The city has been building up a special fund, known as the Retiree Protection Fund, to help blunt the impact of payments that are set to resume in fiscal 2024 after a bankruptcy court-approved 10-year holiday from paying down legacy liabilities. The city has accumulated $473 million in the fund.

PFRF’s attempt to shift to the 20-year cycle threw a wrench in long-term plans as it would have more quickly drained the fund. The General Retirement Fund planned to wait on a court ruling to set its amortization term.  

The actuarially determined contribution in the fiscal 2024 budget is $149 million based on a PFRS 20-year amortization and GRS 30-year amortization.

“The additional hundreds of millions of dollars of front-loaded payments under 20-year amortization would be devastating to the city’s ability to fund critical programs needed to improve city services, attract employment opportunities, and otherwise continue to successfully implement the POA,” read the motion filed Aug. 3 in the U.S. Bankruptcy Court Eastern District of Michigan, Southern Division.

Supporters of the shorter amortization period believe it’s needed to stabilize the fund’s health and to keep funding ratios from dwindling in the coming years should investment returns falter.

The PFRS’ “fiduciary obligation is to ensure that benefits are paid to retired police, firefighters and their beneficiaries. Further it is our job as a board to ensure the system’s funds are properly invested and managed to provide for future funding,” board Chairman Dean Pincheck said in a statement affirming the fund’s commitment to the 20-year cycle. “The 30-year model may be better for city budgets but is not in the best interest of retirees.”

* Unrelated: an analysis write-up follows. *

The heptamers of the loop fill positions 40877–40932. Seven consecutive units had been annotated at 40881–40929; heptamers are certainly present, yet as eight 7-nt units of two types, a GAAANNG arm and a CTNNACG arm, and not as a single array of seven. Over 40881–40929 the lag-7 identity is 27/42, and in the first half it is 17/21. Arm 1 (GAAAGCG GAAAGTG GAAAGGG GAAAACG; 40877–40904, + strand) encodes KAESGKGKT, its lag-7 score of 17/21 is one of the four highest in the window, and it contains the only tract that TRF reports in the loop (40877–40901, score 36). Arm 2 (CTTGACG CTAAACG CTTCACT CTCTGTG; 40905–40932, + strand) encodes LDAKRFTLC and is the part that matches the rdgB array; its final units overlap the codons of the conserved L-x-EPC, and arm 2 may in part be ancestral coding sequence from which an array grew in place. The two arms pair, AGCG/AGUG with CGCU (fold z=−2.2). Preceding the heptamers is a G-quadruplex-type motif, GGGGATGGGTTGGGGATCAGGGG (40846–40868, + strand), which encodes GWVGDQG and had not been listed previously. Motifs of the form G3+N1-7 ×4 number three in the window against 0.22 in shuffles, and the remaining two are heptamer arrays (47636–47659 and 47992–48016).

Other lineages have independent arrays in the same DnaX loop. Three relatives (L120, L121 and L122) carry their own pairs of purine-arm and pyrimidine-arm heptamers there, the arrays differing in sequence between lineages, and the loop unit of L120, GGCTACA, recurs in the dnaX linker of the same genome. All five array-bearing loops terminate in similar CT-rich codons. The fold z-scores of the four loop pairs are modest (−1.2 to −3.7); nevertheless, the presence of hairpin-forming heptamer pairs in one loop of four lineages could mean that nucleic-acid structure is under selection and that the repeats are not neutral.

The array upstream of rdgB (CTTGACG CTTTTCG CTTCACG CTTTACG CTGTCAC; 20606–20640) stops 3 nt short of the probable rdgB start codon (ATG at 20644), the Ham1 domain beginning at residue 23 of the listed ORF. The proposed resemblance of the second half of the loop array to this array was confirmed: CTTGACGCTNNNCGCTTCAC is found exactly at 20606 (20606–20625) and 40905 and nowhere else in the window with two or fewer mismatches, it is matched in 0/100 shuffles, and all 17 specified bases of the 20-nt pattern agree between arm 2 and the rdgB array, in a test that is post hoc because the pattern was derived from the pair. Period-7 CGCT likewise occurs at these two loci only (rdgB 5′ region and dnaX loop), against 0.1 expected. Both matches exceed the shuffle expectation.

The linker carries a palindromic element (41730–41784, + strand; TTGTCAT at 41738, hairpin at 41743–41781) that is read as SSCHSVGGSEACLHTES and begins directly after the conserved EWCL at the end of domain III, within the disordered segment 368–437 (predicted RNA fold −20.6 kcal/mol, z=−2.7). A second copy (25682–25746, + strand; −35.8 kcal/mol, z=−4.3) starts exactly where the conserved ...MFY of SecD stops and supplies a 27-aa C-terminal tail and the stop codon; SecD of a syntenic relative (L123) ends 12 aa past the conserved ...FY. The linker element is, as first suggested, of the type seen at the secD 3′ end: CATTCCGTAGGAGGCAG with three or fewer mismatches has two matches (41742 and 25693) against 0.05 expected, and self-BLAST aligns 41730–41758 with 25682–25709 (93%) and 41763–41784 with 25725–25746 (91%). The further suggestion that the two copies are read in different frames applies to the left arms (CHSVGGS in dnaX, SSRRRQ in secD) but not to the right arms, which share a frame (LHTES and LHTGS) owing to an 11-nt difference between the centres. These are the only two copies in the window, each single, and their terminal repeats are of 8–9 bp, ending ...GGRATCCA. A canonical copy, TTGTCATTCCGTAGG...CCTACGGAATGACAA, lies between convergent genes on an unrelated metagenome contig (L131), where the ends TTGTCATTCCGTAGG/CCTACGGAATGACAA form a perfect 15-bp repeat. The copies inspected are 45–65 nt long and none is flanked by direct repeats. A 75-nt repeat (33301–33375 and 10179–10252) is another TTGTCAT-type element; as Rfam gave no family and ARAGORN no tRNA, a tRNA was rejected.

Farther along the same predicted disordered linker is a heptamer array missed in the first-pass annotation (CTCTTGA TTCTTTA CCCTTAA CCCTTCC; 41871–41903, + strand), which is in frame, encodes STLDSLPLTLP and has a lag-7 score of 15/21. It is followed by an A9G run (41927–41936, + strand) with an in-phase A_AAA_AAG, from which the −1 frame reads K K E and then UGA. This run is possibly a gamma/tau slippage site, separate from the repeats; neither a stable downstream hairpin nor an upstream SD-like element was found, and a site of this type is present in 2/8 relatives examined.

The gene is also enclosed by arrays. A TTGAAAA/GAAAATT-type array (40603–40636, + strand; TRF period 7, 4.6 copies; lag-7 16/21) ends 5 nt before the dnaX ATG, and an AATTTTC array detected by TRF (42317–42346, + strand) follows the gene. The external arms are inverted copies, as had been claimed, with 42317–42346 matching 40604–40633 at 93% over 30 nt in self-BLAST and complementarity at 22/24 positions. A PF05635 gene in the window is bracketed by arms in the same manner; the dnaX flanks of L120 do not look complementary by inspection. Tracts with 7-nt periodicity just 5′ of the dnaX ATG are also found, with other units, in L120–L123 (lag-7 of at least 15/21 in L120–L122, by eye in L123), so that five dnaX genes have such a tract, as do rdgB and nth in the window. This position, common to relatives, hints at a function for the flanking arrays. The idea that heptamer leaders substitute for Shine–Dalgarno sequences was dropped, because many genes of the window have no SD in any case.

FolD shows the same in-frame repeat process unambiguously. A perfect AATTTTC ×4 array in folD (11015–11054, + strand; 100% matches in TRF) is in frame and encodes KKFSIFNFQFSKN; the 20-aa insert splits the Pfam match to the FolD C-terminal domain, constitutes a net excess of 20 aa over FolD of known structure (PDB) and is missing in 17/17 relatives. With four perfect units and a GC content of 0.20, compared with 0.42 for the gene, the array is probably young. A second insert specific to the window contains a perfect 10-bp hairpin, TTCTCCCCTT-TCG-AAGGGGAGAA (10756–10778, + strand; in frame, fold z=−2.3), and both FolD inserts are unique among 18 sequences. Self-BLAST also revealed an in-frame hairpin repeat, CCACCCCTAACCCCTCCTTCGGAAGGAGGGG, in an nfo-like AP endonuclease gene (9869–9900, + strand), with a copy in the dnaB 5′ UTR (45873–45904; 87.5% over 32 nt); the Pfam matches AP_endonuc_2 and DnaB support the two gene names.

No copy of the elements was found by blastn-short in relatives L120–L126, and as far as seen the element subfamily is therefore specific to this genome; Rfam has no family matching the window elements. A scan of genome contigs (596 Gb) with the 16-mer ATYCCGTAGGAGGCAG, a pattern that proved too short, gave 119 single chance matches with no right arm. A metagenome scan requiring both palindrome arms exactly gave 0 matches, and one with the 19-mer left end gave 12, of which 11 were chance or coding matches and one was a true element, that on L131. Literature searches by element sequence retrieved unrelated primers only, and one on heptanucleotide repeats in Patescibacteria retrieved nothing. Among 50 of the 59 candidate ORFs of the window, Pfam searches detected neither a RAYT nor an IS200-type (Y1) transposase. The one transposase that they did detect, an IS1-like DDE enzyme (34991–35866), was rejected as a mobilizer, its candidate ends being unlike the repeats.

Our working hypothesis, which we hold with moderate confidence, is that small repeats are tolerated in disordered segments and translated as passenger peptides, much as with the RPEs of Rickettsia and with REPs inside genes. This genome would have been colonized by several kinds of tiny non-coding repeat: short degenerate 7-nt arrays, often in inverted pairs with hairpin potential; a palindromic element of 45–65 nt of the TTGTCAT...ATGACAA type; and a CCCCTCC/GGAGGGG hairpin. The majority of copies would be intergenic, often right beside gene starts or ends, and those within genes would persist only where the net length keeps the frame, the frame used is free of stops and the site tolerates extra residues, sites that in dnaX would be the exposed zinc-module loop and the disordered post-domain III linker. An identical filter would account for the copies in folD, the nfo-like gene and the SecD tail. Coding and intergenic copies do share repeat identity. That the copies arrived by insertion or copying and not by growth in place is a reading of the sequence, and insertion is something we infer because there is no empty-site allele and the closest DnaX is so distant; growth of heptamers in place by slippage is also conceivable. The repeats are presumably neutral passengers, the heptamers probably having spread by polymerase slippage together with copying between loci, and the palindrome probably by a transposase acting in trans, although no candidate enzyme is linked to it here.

The city’s general retirement system carries $909 million of unfunded liabilities and is 62.7% funded while the police and fire fund carries an $820 million unfunded tab and is 74.9% funded.

Both plans were frozen in bankruptcy and replaced for new hires with hybrid plans that combined elements of both defined benefit and defined contribution plans.

To limit pension cuts in the plan of adjustment, the city struck what was labeled the Grand Bargain: an $816 million fund with contributions from the state, the Detroit Institute of Arts, and various charities. Pension contributions were funded exclusively from the “Grand Bargain” giving the city a 10-year payment break.

The “Grand Bargain” protected the assets of the city-owned museum from being sold off while limiting public safety retiree cuts to a 55% reduction to the cost-of-living adjustment for public safety. The police and fire class in bankruptcy voted to accept the bankruptcy plan of adjustment by 82% while 73% of the General Retirement System class members approved.

The relief from the higher payments eases pressures weighing on the city’s ability to maintain balanced operations and keep clear of state oversight. The city has balanced its budgets and won rating upgrades that have moved it closer to investment-grade status. The state government’s Detroit Financial Review Commission, put in place to watch over city finances after its bankruptcy, Monday approved a sixth annual waiver from direct oversight just before the opinion posted on the court’s website.

Detroit’s bankruptcy case is No. 13-53846.

Articles You May Like

The housing market, explained in 6 charts
Biden tech hub funding plan has 12 grant winners
Why India will become a superpower
Biden urges Americans to ‘lower the temperature’ after Trump shooting
Pelosi and Clooney deliver new blows to Biden re-election bid